Study Hall to be limited to IHSA sports

Policy change will impact hockey players

Study Hall to be limited to IHSA sports

Casey Murray, Editor

The District 115 School Board is planning to formally restrict athletic study halls to students in IHSA sports in order to better align with state law. The rule change, agreed upon by the Board late last year, will primarily affect hockey players and is slated to enter effect beginning in the 2020-2021 school year.

LFHS currently provides athletic study halls to juniors and seniors in most sports, allowing them to substitute a study hall with credit for a gym class. This program includes certain non-IHSA sports, such as hockey, in addition to all school-sponsored IHSA sports.

The Illinois High School Association recognizes 15 boys sports and 16 girls sports, in addition to eight activities. Sports range from Girls Badminton to Boys Wrestling; activities include Journalism, Scholastic Bowl, and Debate. The School Board’s rule change will tie athletic study halls to this IHSA recognition system, which is a private organization independent of the Illinois state government.

Director of Educational Services Patrick Sassen, who oversees most counseling, scheduling, and academic affairs at the high school, offered three lines of reasoning for the decision, firstly citing the desire to more closely align diplomas to state requirements.

“We want to ensure that Lake Forest High School diplomas are aligned to state requirements. We don’t want to ever be in a situation where a student or student’s diploma is compromised in any way — same with consumer economics, same with the U.S. Constitution, same with civics,” he said.

The state requirements in question have been on the books since the 1990s. Illinois physical education standards are codified in Section 27-6 of Act 5 of Chapter 105 of the Illinois Compiled Statutes (in legal shorthand written 105 ILCS 5/27-6), which was most recently amended in 2017.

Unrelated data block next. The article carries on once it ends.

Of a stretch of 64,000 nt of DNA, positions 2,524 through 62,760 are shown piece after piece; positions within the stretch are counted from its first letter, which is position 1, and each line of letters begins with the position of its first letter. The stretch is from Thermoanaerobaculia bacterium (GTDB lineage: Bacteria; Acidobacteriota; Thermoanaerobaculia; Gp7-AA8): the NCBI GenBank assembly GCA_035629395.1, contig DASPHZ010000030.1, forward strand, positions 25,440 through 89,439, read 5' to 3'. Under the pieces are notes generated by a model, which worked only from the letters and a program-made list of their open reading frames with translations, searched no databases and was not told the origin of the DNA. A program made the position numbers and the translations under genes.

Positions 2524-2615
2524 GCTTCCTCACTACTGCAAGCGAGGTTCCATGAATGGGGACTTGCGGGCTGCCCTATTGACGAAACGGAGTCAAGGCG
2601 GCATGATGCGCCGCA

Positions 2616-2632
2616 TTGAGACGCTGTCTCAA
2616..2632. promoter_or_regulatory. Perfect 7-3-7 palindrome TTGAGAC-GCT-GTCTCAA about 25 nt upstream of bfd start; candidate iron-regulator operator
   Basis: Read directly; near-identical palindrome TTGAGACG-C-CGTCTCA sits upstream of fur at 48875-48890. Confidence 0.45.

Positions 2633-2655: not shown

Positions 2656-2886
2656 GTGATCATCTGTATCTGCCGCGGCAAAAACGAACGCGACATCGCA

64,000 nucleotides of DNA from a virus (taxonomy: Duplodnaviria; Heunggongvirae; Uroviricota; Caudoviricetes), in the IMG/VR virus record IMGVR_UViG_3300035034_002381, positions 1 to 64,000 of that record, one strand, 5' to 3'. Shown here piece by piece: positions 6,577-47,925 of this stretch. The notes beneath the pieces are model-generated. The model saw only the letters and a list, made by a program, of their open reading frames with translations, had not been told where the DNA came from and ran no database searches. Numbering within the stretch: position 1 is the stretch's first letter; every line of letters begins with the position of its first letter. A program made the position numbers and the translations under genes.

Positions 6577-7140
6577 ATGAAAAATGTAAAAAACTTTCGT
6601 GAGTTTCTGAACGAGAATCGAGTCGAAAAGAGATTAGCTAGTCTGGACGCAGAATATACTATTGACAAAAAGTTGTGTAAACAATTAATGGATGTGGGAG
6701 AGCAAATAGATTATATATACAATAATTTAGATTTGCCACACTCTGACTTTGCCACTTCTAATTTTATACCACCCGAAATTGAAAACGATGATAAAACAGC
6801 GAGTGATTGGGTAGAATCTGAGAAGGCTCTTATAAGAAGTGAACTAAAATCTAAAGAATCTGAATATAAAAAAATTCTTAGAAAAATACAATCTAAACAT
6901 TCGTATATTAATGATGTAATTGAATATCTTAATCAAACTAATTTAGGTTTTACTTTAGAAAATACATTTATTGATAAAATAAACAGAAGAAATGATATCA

The statute, as most recently revised, requires students at public schools to participate in physical education classes for at least three days of a five-day week, but it includes several exceptions. Juniors and seniors can be excused from physical education for participation in an “interscholastic athletic program;” this provision has been the basis for the LFHS athletic study hall, Sassen said.

Juniors and seniors also can be excused to enroll in classes required to graduate from high school or attend college, and high schoolers of all grades can be excused for involvement in a marching band. A handful of other exceptions exist, including excusals for students in special education courses and case-by-case excusals for students involved in an “interscholastic or extracurricular athletic program” regardless of grade level.

These exceptions are not taken into account by the rule change; they are not mandated by Illinois state law, but merely allowed as exceptions to the physical education mandate. The School Board can implement them if it so chooses, but it does not have to; at present, it is only offering the exemption for upperclassmen athletes.

Sassen also noted that physical education is valued by the administration. “We value wellness and the experience of physical education,” he said. “They’re tied into social and emotional learning standards, they’re tied into physical activity standards… it’s important to us.”

The administration also needed a fair standard to decide who gets athletic study halls and who does not. They chose the IHSA requirement in order to “keep it simple” and follow the example of other high schools in the area, Sassen said.

Junior William Schlachtenhaufen, who plays under the colors of Lake Forest High School on the hockey team, said that the policy change made “little to no sense” because hockey represents a significant commitment of time and energy.

“Hockey begins in August and ends in March,” Schlachtenhaufen said. “The sport that spends the most time receiving no study hall is far from the way the athletic study halls should be applied.”

The School Board will be meeting on April 8 in the Administrative Center Board Room at West Campus, as it does on the second Monday of every month. Community members — including students with something to say — are encouraged to attend.